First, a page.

"The early bird catches the worm": A German saying?


Sayings and idioms have a long tradition in Germany. Again and again animals are consulted in the popular wisdom to illustrate meaning - and sometimes nonsense - visually. The saying "The early bird catches the worm" - a kind of "Carpe Diem" of the animal kingdom - is particularly popular. "The early bird catches the worm": A German saying? - Image: Shutterstock / Steve Byland

Pretty much everyone can do something with the saying "The early bird catches the worm". In its meaning, of course, it means that you should start doing things as early as possible, then the chances of success are much better.

The saying goes that the bird has a better chance of catching a worm at dawn. The latter ventures to the surface, especially in the early hours of the morning, when the soil is still damp from the dew.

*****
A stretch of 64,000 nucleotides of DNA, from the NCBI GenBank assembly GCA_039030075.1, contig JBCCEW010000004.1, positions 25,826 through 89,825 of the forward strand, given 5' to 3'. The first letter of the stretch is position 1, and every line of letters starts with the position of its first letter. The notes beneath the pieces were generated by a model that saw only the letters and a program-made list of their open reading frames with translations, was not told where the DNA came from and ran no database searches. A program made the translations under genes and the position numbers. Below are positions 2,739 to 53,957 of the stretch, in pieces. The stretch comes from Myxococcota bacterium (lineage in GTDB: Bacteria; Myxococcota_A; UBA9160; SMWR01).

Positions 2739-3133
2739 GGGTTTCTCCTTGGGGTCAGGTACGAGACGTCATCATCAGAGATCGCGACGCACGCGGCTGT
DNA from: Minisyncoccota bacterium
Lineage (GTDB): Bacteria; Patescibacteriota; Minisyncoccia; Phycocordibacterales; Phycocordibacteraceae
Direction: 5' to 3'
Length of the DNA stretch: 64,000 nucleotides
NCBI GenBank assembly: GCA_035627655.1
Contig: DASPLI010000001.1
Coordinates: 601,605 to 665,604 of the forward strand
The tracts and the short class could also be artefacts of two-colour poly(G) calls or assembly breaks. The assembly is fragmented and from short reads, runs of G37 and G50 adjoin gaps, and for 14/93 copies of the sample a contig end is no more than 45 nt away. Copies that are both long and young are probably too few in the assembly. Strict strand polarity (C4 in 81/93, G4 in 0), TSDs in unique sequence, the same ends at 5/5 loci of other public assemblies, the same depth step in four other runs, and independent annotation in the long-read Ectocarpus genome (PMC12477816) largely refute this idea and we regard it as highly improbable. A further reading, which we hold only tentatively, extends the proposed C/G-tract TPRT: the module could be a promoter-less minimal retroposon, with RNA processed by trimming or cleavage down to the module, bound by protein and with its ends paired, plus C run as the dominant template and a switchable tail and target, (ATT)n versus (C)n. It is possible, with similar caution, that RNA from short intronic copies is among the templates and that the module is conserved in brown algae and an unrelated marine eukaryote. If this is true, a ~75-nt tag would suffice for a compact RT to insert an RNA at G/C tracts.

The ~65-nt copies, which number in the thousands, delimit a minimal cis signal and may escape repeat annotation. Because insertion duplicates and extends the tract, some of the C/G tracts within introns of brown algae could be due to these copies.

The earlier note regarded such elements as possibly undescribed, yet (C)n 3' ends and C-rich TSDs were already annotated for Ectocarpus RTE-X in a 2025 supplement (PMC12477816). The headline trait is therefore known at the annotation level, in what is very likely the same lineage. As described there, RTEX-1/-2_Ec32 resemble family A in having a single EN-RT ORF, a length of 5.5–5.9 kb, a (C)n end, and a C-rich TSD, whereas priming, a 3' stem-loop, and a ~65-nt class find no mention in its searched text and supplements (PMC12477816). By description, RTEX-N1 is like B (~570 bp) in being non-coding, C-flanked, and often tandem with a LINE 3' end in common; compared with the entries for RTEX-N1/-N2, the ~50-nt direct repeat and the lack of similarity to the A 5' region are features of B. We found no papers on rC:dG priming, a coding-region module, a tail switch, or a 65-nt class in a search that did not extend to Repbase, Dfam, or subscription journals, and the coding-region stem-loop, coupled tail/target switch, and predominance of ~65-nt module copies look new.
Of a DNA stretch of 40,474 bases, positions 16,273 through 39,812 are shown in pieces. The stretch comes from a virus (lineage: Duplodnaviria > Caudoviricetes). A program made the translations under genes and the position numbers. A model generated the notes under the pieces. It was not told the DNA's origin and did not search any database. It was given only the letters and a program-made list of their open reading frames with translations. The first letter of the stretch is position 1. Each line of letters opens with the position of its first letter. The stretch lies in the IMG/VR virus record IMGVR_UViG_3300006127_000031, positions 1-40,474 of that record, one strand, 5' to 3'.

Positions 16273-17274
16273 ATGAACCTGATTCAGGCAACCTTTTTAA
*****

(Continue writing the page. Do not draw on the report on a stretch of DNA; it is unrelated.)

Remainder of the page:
Having a bird: where does the phrase come from?

"The early bird catches the worm" actually comes from Great Britain

What most may not know: The saying is actually not a German saying, but has only been used in this country since the 1980s. The saying originally comes from English.

In 1670 it was first used in the book "A collection of English proverbs" by John Ray. It said: "The early bird catches the worm". Incidentally, the saying "morning hour has gold in the mouth" is related to the bird speech, which aims at the same meaning and has been used in Germany for much longer.

Alternatively, you can of course also say "who comes first, paints first" or "what you can get today, do not postpone until tomorrow". When it comes to idioms, many roads lead to Rome.

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